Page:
0:23

So, as the oxygen concentration changes from 1 to 250 parts per million,

the sensor itself, puts out a signal that, which has a range of 0.5 to 1 volts.

But we need to do something with that signal and to boost it up and

to get it over the proper range for our downstream circuitry.

So want to design a sensor interface circuit that provides an output

range of 0 to 5 volts for this biosensor system.

1:20

We know that we have two conditions for

our circuit based on our problem statement.

That is if we want the output of the system to be equal to 0,

as you put the sum m plus our V sub S.

Which is at the 0 value of output as a V sub S

value of 0.5 plus this intercept.

We can also from our problem statement utilize the fact that

we want five volts out when the sensor is putting out one volt.

1:59

So we have two equations and we have two unknowns.

Our two unknowns are m and b, so if we take these two equations and

we solve them.

And we end up with a m which is equal to 10, and

a b which is equal to minus 5.

So we can rewrite our equation for

the output in terms of the input as 10 times V sub s minus 5,

so that's our input, output relationship.

2:31

This all came from the problem statement.

So what we need to do is we need to design an interface circuitry that allows us to

do this.

We can see that our output is a function of the input.

It's not inverted, so we might use a non-inverting configuration for

make this relationship between the output and the input.

We have this other factor which is a constant and it's minus 5,

where the output has an inverted relationship to some input which

gives a minus 5 contribution to the output voltage.

4:32

So, we can use superposition if we wanted to solve this problem for

the contribution to V out for V sub S and the contribution of V out from VRef.

So if we first look at the contribution for Vs,

what will we do with the reference voltage for easy superposition.

We know that when we're solving problems with superposition,

if we're looking at the contribution from one source.

That we short-circuit all other voltage sources and

we open-circuit all other current sources.

So if we do this, this circuit will look like what we have here,

except for we have VRef taken out and a short circuit to ground at this point.

5:15

That circuit looks exactly like what we've done before for

the non-inverting operation amplifier example.

And what we have in that case

is that V out is equal to 1 plus

R sub F over R1 times V sub S.

That's what we get if we solve this circuit with V sub S in the circuit,

VRef taken out, replaced with a short circuit.

We get the basic configuration for the non-inverting amplifier,

which has this output-input relationship.

Now if we want to add the contribution from our reference voltage,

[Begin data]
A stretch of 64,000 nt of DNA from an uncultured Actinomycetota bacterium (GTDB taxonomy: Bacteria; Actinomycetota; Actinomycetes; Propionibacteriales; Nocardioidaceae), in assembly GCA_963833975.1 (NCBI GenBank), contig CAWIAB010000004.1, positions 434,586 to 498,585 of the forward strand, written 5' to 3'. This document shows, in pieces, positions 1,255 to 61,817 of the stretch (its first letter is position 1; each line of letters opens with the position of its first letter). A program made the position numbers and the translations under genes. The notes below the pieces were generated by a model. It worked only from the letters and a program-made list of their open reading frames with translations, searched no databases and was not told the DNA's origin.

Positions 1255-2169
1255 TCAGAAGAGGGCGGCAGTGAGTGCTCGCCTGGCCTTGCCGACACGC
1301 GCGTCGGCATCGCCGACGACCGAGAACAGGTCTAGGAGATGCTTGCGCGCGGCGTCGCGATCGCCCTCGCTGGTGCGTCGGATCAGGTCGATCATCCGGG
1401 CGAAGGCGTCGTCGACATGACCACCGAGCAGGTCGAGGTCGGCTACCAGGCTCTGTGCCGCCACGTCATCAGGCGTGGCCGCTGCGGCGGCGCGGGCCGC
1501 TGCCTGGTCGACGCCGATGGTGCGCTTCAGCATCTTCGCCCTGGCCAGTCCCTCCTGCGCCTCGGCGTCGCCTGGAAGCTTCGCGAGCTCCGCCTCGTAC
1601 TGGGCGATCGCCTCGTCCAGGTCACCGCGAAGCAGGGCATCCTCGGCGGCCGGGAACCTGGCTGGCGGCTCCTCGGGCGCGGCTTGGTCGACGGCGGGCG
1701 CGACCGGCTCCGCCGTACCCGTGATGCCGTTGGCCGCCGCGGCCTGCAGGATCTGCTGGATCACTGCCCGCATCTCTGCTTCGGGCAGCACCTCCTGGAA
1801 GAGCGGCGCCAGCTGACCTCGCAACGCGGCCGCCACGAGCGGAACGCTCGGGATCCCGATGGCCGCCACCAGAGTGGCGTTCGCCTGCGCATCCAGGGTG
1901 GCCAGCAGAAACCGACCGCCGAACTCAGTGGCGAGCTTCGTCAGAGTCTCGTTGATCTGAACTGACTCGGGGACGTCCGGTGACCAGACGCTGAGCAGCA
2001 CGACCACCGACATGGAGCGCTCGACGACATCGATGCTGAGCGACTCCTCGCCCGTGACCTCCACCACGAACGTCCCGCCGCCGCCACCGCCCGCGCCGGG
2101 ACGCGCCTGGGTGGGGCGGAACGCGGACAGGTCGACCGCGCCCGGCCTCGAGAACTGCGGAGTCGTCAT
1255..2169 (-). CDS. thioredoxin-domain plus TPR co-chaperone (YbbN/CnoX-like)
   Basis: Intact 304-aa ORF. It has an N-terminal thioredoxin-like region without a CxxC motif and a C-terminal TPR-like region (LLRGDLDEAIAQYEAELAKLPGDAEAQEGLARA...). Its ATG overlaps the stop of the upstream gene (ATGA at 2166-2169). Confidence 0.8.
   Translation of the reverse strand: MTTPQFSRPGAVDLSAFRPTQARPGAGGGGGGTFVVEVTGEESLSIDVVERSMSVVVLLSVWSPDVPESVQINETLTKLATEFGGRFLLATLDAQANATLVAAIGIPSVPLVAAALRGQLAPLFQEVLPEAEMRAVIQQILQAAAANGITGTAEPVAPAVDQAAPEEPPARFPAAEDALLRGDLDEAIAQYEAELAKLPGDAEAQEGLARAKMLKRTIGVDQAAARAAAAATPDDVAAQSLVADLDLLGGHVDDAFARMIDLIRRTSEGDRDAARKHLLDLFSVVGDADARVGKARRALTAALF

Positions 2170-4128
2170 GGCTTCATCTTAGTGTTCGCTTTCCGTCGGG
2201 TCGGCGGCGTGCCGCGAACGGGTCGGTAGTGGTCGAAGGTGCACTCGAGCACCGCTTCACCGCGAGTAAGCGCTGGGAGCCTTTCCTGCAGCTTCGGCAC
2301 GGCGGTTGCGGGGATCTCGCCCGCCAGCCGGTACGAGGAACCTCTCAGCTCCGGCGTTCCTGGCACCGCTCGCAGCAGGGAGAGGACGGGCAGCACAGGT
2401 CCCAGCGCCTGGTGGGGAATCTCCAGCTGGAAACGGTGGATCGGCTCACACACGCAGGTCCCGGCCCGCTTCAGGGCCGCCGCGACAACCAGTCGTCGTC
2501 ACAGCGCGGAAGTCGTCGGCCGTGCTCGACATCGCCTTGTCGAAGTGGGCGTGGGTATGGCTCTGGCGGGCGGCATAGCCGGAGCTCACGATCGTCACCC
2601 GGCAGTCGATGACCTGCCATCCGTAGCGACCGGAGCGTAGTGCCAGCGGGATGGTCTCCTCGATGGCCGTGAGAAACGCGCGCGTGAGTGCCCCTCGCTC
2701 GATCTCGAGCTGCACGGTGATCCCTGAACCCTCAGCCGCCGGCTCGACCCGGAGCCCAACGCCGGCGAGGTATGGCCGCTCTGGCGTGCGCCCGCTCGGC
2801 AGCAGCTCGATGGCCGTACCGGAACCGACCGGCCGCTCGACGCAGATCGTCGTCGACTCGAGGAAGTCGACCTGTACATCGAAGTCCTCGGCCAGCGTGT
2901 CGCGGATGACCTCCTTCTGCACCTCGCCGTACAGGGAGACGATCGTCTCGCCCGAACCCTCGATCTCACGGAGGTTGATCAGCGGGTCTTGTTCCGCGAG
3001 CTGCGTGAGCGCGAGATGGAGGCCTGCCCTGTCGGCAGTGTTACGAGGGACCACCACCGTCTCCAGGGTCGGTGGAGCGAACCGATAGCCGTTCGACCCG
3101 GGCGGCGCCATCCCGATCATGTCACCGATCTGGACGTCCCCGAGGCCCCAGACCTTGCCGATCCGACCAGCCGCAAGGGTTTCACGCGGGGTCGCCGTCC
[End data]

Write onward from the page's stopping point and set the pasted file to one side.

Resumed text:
we would do the same thing as what we did just a minute ago.

We would look at VRef and we would remove all other sources,

we'd short circuit the voltage sources.

So we'd have a short circuit across this V sub S and

we would open circuit the current source which we don't have in this problem.

So if we look at that configuration where we have VRef, R1, R sub F and

a short circuit to ground at the non-inverting input.

That is exactly what the circuit looked like when we did the example for

the inverting op-amp configuration.

And so, the output that we received from VRef,

the contribution to the output voltage is R sub F divided by R one,

times VRef.

So that's what the output of this circuit would give us.

It will give us contribution from V sub S and a contribution from VRef.

So if we compare this to what we're looking for,

it fits pretty well to that scheme.

Where we have a 10 which has to be set as 5 by 1 plus R sub s divided by R1.

And a 5 which has to be solved using

R sub F divided by R 1 times VRef.

So we had to make some decisions at this point, we know that 1 plus R sub

F over R 1 is gotta be equal to 10.

That's one equation we have and we have another equation where

Rf of the feed back side

divided by R 1 times VRef

is gotta be equal to 5.

So we have to make some decisions on what values to use for

resistors since we're not given those values.

So, if we choose R1 equal to 10K

from our first expression,

R sub F has to be equal to 90K, so

R sub F is equal to 90K.

If R sub f is equal to 90K and R sub 1 is equal to 10K,

our second equation leads us to a value for VRef.

And we've got VRef,

equal to five-ninths of a volt.

So we can plug these values back into our circuit, our initial circuit and

if we had the circuit tied to the non-inverting input of our op-amp.

It's our V sub S and it's a 0 to 1 volts signal, so

it's a 0.5 to 1 volt signal at V sub S.

Then the output be a signal which range from 0

volts to 5 volts just as we had hope with our design.